We are not the only ones eating the berries. Bears gobble up large quantities of the tasty berries as they fatten up to prepare for winter hibernation. Several left mounds of berry filled scat near the trail, a reminder that bears are active in this area.
The trail meandered through forest all day, dropping into Warm Springs Creek in late afternoon, then climbing out steeply. Although I hoped to find camping on the east slope of Summit Butte or near Red Wolf Pass, the top of the ridge was densely forested, with a significant jumble of downed logs, branches, and sticks in between the trees. Moreover, I began to notice familiar piles of blackish, berry filled scat (bear scat), and was reluctant to camp somewhere with so much bear activity.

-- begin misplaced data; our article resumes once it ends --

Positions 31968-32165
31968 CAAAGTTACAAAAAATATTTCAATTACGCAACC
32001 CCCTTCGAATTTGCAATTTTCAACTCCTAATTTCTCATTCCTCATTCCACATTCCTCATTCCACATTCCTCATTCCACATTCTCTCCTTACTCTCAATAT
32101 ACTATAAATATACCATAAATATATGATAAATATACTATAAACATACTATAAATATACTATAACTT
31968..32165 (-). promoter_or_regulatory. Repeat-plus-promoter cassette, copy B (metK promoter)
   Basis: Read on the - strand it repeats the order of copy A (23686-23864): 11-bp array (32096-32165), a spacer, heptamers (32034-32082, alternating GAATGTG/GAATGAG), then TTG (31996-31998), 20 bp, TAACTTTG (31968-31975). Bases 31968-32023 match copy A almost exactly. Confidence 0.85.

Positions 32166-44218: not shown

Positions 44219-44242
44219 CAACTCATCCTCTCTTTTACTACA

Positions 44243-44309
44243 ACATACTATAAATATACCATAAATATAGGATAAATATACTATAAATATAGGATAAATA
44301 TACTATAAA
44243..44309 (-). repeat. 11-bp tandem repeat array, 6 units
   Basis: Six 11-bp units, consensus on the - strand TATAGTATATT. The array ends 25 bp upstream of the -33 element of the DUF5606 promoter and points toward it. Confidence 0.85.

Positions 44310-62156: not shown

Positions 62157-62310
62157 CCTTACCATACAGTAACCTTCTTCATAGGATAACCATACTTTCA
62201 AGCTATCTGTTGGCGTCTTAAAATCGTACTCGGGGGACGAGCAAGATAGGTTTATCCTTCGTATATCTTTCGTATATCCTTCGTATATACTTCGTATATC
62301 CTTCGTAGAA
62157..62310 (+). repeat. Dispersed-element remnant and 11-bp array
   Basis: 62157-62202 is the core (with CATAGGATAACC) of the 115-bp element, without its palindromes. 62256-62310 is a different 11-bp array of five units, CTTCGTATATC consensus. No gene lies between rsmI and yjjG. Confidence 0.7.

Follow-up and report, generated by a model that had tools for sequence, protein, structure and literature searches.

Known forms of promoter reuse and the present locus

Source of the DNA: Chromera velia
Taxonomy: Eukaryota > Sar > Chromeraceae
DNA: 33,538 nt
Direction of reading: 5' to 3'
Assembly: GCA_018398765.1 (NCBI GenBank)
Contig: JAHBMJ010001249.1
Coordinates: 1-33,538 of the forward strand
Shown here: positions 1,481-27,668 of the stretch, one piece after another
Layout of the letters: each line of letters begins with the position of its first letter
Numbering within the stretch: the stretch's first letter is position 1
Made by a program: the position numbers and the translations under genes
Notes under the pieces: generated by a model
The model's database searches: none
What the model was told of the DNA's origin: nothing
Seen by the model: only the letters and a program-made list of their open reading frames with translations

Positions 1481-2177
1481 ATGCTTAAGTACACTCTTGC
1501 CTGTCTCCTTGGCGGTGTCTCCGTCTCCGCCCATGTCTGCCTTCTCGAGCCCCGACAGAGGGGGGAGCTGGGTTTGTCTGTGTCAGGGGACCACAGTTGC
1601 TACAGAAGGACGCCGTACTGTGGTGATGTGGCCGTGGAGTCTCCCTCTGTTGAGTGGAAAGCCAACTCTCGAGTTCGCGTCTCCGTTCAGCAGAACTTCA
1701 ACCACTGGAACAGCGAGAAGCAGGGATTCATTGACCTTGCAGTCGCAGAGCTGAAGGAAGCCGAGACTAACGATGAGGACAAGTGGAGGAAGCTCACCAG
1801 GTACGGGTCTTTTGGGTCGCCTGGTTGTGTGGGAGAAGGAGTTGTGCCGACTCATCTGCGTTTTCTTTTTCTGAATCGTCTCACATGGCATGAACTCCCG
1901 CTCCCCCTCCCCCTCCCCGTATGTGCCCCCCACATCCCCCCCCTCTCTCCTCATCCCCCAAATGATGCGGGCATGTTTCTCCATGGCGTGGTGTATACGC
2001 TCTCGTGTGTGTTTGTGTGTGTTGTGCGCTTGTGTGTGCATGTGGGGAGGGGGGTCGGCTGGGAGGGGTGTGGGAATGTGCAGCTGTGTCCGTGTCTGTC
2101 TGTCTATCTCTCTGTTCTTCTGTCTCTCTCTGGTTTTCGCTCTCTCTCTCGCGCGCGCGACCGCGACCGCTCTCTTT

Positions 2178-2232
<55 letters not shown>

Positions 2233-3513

Finally, as the evening grew later, we decided to settle for a less than ideal camp: in the trees, near active bears, with plenty of downed logs nearby to attract ants and spiders. Aging tres creaked and groaned with each gust of wind, a sound like the rusty springs on an ancient porch swing. I tried to forget the sound of the tree crashing down the night we camped at Shelter Cove. Covering my head with my sleeping bag, I blocked out the squeaking of the moving trees and fell asleep.